After reading the executive summary and watching the first few minutes of the YouTube video, we had some bad news for our erstwhile buddy: this is the stuff of adolescent scribblings in a spiral notebook.
Let’s start with a few choice quotes from the executive summary (emphasis added throughout this piece):
“We are on the cusp of the fastest, deepest, most profound disruption of the energy sector in over a century. Like most disruptions, this one is being driven by the convergence of several key technologies whose costs and capabilities have been improving on consistent and predictable trajectories – namely, solar photovoltaic power, wind power, and lithium-ion battery energy storage. Our analysis shows that 100% clean electricity from the combination of solar, wind, and batteries (SWB) is both physically possible and economically affordable across the entire continental United States as well as the overwhelming majority of other populated regions of the world by 2030.
“One of the most counterintuitive and extraordinary properties of the new system is that it will produce a much larger amount of energy overall, and that this superabundance of clean energy output – which we call super power – will be available at near-zero marginal cost throughout much of the year in nearly all populated locations. The SWB disruption of energy will closely parallel the digital disruption of information technology. Just as computers and the Internet slashed the marginal cost of information and opened the door to hundreds of new business models that collectively have had a transformative impact upon the global economy, so too will SWB slash the marginal cost of electricity and create a plethora of opportunities for innovation and entrepreneurship. What happened in the world of bits is now poised to happen in the world of electrons.”
The key assumption that underpins RethinkX’s work is their belief that solar, wind, and battery technologies are undergoing a classic S-curve adoption cycle because of relentless innovation breakthroughs that are bringing down costs. Solar is by far the most important technology to their analysis, so we’ll focus our attention on it. Here’s how they frame the issue in their introduction:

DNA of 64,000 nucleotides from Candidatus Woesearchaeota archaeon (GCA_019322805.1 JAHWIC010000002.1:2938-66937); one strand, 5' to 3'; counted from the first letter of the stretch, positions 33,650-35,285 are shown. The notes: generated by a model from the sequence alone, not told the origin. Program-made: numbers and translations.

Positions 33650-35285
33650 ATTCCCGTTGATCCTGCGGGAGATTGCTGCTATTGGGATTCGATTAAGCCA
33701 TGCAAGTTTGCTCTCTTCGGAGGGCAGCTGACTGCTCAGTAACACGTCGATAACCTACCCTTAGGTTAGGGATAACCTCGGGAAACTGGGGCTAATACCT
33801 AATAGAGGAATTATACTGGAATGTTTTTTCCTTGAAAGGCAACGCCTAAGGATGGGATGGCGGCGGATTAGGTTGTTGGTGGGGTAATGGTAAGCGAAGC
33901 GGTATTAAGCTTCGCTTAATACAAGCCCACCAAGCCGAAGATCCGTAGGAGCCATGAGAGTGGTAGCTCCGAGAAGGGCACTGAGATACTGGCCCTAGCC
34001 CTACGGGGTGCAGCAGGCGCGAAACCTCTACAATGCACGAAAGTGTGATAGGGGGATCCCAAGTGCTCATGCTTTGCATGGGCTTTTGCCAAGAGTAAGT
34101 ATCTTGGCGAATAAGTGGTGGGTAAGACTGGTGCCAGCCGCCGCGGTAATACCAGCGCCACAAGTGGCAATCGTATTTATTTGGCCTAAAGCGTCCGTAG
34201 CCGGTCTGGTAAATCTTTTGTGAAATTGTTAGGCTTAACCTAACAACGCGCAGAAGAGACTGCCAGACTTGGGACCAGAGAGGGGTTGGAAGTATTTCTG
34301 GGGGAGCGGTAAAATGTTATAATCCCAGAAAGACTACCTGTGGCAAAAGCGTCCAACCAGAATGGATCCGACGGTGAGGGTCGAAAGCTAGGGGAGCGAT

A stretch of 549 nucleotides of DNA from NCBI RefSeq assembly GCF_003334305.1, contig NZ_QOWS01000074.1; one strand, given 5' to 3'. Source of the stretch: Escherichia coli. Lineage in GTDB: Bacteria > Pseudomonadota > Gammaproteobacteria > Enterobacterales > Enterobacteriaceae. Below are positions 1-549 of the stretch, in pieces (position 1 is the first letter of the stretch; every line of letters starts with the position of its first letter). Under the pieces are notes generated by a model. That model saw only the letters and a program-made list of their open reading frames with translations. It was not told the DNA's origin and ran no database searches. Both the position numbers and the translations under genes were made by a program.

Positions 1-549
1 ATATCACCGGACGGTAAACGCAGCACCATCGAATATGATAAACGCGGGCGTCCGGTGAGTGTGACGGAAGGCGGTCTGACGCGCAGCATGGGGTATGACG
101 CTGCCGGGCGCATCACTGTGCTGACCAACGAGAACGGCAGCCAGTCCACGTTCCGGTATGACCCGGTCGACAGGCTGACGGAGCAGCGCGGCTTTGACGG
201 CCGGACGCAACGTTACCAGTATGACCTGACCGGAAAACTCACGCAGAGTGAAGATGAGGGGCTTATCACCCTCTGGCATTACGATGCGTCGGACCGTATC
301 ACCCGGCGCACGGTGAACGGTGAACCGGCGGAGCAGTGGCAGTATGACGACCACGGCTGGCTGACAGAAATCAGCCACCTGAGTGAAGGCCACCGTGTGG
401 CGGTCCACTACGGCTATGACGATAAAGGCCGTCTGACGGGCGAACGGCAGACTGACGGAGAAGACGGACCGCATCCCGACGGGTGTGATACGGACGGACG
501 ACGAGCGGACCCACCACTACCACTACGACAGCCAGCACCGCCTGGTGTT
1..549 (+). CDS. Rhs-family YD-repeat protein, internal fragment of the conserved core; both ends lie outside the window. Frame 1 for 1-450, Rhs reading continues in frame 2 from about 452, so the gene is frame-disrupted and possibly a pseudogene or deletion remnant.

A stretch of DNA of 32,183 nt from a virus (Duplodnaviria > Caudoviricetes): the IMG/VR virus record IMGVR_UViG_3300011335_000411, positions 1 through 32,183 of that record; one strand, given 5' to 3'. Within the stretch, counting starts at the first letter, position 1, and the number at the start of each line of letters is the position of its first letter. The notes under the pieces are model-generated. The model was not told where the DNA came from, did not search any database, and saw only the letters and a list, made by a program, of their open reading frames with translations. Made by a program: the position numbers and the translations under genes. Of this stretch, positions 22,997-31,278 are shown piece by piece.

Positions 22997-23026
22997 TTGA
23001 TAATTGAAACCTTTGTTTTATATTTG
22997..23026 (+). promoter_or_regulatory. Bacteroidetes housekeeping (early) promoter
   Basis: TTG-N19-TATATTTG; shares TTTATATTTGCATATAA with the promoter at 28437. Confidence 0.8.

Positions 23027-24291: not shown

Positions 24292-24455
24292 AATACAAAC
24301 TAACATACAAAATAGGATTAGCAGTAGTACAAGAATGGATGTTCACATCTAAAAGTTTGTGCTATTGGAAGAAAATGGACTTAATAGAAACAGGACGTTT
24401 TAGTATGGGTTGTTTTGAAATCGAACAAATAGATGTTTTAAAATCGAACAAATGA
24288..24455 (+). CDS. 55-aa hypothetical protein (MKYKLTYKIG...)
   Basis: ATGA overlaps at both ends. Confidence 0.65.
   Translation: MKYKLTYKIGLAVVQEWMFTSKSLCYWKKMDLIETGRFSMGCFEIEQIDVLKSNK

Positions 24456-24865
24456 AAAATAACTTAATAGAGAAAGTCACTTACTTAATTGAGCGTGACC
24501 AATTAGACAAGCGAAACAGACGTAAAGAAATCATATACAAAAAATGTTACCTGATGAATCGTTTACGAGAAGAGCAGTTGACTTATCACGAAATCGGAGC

“For solar PV, the capital costs per kilowatt of installed capacity have declined by a factor of nearly 1,000x since they were first introduced in the late-1970s. In the United States, capital costs have fallen at an average rate of 16.1% each year over the last decade, and when viewed correctly on a logarithmic plot instead of a linear plot the consistency of the trend is unmistakable. Our analysis conservatively assumes that solar PV capital costs will continue to decline throughout the 2020s at an average annual rate of 12%.”
One significant and well-known challenge to wide-scale implementation of solar technology is its low capacity factor. Capacity factor is a measure of the actual electricity a system produces, as opposed to its nameplate or rated capacity. By convention, rated capacity measures how much electricity a system could theoretically produce under ideal conditions, while capacity factors correct for real world performance. As shown in the figure below, because the sun only shines during the day and clouds can impact a solar panel’s performance, solar has a low capacity factor of roughly 25%.
RethinkX proposes a solution to this dilemma: the US should simply install anywhere from 5 to 10 times as much rated solar capacity as the entire current US electricity grid! No seriously, that’s their solution. Once the needed batteries are included and the grid is further topped off with wind, RethinkX sees a smooth path to an energy utopia:
“The construction of a 100% SWB system in the continental United States would cost less than $2 trillion over the course of the 2020s – just 1% of GDP – and would support millions of new jobs during that time.”
The report goes on to develop proof cases by analyzing what it would take to install 100% SWB systems in California, Texas, and New England. In their most aggressive scenario, RethinkX sees 328 GW of new solar in California, 583 GW in Texas, and 197 GW in New England, all by 2030. As a benchmark, the entire US installed approximately 19 GW of new solar in all of 2020.
Our critique of this RethinkX report is threefold. First, it is based on a fatally flawed assumption about why solar capital costs had been decreasing over much of the past decade (as we’ll see shortly, solar costs are going up in 2021). Second, it misses a nearly insurmountable constraint that makes most of their projections grossly irresponsible. Finally, it ignores the substantial energy input needed to achieve their plan, making it virtually indistinguishable from a perpetual motion machine. We’ll take all three in order.